A 2WD Hybrid-Electric Motorcycle for the US Military?

In the coming years, US special forces may be riding a tw0-wheel drive, hybrid-electric, multi-fuel motorcycle co-developed by BRD Motorcycles and Logos Technologies. Helping make this project possible is a Small Business Innovation Research grant from DARPA. The goal is to make a single-track vehicle for US expeditionary and special forces that will be nearly silent in operation, yet also capable of traveling long distances. Details on the proposed machine are light, of course, but it sounds like the 2WD dirt bike will be based off the BRD RedShift MX (shown above), and use an electric drivetrain, as well as a multi-fuel internal combustion engine to achieve its goals.

Colin Edwards Will Retire from Racing after 2014 Season

Announcing his decision during the pre-event press conference for the Red Bull Grand Prix of the Americas, Colin Edwards told the assembled press that 2014 would be the Texan’s last season racing a motorcycle. Citing a lack of improvement on his performance in pre-season testing and at the Qatar GP, Edwards decision perhaps answers the lingering question in the paddock of when the American rider would hang-up his spurs after an illustrious career in AMA, WSBK and MotoGP. Talking about his inability to come to terms with the Forward Yamaha, which Aleix Espargaro was able to take to the front of the pack in Qatar, Edwards was at a loss when it came to understanding the Open Class machine and his lack of results.

MSF Updates Its Basic RiderCourse Curriculum

It is no surprise that statistics from the NHTSA show that motorcycle accidents and injuries are on the rise. According to the 2012 Motor Vehicle Crash report published by the NHTSA, motorcycle fatalities for that year rose to 4,957, up seven percent from 2011, while injuries increased 15% to 93,000. While the NHTSA statistics are misleading because the motorcycle category includes mopeds, scooters, three-wheelers, pocket bikes, mini bikes, and off-road vehicles, new riders need every advantage they can afford. The Motorcycle Safety Foundation has taken notice of these statistics and has revised the curriculum for its Basic RiderCourse to include a new Basic eCourse, which students will take prior to in-person instruction.

Yamaha Trademarks “R1S” & “R1M” at USPTO – “YZF-R1M” Trademarked Abroad – But Why?

Are new Yamaha YZF-R1 models coming down the pipe? That’s the question being asked after trademark filings in the US and abroad tipped off Yamaha Motor’s intention to use “R1S”, “R1M”, and “YZF-R1M” for motorcycle, scooter, and three-wheeled purposes. The filings are being taken as hints towards a possible multiple trim levels of the Yamaha YZF-R1 superbike, with the “S” and “M” designations being different spec machines than the current base model. The “S” nomenclature is a popular one in the two and four-wheeled world, though “M” would certainly be a novel designation, outside of say…BMW.

Bell & COTA Create Texas-Themed Limited-Edition Helmet

Continuing its theme of making limited-edition helmets for premier-class US rounds, Bell Helmets has teamed up with the Circuit of the Americas and Chris Wood, of Airtrix, to create a Texas-themed Bell Star Carbon helmet, just in time for COTA’s MotoGP race next weekend. Available only until April 13th, the Bell/COTA helmet features a red, white, and blue flag motif on the front, with both the American and State of Texas flags visible, which then wrap around the rear to merge with a hardwood design, reminiscent of the floorboards in a Western saloon. The helmet is also crowned with a Longhorn cattle skull, which adds to the Texan motif. The specially designed helmet also features a horseshoe, the COTA logo, and the 2014 Red Bull MotoGP of The Americas logo.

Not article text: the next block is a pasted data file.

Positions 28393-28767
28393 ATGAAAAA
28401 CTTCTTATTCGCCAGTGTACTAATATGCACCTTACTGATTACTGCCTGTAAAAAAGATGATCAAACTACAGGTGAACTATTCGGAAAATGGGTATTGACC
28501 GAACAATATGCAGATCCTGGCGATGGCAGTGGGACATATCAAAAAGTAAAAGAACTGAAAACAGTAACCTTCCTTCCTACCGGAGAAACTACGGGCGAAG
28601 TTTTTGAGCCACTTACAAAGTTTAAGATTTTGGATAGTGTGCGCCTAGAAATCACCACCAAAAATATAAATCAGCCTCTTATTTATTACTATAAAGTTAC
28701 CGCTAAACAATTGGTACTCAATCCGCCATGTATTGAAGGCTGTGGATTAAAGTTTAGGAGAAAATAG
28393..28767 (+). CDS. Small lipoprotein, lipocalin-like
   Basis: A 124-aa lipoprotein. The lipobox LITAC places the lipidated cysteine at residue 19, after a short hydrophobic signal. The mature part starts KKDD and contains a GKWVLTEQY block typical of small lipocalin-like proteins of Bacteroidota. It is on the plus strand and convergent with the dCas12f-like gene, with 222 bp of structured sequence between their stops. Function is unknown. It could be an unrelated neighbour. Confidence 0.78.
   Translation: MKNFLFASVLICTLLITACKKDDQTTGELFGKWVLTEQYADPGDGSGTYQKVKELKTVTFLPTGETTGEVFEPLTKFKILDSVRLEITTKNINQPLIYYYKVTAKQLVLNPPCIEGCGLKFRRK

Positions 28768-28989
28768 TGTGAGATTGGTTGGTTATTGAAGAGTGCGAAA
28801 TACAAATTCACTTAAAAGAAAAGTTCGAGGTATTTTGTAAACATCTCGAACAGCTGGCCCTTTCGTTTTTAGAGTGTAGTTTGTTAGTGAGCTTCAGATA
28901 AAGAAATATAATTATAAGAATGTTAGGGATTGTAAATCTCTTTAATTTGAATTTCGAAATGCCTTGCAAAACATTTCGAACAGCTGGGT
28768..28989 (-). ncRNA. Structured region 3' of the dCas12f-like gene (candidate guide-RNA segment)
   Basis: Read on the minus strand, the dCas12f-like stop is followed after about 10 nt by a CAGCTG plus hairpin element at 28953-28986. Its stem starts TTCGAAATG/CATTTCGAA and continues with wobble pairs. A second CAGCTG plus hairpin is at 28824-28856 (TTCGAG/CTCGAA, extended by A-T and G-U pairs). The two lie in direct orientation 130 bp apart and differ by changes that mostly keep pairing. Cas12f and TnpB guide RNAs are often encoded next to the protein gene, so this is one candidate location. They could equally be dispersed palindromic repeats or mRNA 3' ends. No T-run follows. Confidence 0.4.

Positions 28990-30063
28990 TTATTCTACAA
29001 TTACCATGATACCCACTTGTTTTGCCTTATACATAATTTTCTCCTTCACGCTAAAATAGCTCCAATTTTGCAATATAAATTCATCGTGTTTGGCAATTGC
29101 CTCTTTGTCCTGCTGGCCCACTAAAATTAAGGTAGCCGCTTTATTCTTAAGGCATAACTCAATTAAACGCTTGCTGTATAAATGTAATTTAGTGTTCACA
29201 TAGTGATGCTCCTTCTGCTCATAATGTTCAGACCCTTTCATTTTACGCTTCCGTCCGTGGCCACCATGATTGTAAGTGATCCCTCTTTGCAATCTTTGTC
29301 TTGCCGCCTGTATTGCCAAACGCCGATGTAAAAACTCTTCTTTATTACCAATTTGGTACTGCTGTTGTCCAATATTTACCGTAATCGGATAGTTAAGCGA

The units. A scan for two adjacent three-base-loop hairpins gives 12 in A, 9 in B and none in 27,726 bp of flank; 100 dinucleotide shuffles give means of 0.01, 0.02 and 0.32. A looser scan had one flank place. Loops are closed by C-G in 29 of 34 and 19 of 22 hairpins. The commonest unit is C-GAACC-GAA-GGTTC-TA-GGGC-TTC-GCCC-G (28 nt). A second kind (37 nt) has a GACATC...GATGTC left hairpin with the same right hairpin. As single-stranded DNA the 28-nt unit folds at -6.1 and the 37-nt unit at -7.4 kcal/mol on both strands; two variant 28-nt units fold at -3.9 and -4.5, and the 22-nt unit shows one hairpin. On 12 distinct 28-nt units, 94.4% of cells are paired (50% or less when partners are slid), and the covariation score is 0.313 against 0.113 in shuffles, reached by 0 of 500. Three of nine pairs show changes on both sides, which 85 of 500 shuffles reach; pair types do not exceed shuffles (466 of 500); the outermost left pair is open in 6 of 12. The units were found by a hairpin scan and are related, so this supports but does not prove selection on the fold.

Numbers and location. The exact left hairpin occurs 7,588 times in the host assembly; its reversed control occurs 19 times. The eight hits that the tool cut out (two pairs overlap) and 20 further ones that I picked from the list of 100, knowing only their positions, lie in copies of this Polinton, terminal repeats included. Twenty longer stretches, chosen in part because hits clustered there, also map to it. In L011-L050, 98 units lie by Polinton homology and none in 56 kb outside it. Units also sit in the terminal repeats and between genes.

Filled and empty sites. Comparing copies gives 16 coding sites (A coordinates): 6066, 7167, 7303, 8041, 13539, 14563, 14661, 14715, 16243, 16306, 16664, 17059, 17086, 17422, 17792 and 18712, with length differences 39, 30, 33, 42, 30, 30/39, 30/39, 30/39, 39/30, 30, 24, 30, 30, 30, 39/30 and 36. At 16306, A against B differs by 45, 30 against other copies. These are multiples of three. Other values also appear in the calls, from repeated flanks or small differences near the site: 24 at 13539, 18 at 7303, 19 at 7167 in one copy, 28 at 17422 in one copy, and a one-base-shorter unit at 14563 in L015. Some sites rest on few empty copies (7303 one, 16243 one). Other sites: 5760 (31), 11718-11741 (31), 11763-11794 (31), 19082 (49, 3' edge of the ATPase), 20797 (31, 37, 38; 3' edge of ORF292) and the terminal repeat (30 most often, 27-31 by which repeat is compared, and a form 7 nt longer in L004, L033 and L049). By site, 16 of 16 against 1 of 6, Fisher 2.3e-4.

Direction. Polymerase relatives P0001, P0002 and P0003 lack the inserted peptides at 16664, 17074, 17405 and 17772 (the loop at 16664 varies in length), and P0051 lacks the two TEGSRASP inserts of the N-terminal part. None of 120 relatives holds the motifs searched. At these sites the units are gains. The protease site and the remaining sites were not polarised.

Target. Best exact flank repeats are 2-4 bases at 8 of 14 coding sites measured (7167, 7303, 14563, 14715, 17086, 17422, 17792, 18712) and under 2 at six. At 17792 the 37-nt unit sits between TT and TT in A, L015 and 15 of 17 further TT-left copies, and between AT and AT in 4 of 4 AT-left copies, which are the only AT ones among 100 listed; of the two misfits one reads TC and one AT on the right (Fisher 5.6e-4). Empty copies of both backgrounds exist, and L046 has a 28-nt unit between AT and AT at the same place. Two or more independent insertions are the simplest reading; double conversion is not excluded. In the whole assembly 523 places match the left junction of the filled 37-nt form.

Aprilia Mounting a Return to MotoGP in 2016

Towards the end of the 800cc era, MotoGP looked to be in dire condition. Grids were dwindling, factories were reducing their participation, and teams were in difficult financial straits indeed. By the end of 2011, there were just 17 full time entries, Suzuki was down to a single rider, and were about to pull out entirely for 2012. How different the situation looks today. In a recent interview with the official MotoGP.com website, Aprilia Corse’s new boss Romano Albesiano gave a brief outline of their plans. The Italian factory will continue to work with the IODA Racing team for 2014 to collect data on the electronics and tires, which they will use as input on an entirely new project being worked on for 2016.

This Is Pretty Much What the Monster 800 Will Look Like

With the advent of the Ducati Monster 1200, it was only a matter of time before Ducati’s middleweight liquid-cooled “Monster 800″ would be spotted, and unsurprisingly the machines have a great deal in common. The one big difference seems to be that the 821cc Monster gets a double-sided swingarm, which has become Ducati’s new way of differentiating between its big and medium displacement models of the same machine, see entry for Ducati 899 Panigale. With the spied Ducati Monster 800 looking ready for primetime, and a pre-fall launch isn’t out of the question. Giving us an excellent glimpse into what the Ducati Monster 800 would look like, Luca Bar has again used his Photoshop skills to render up images of the still unreleased “baby” Monster.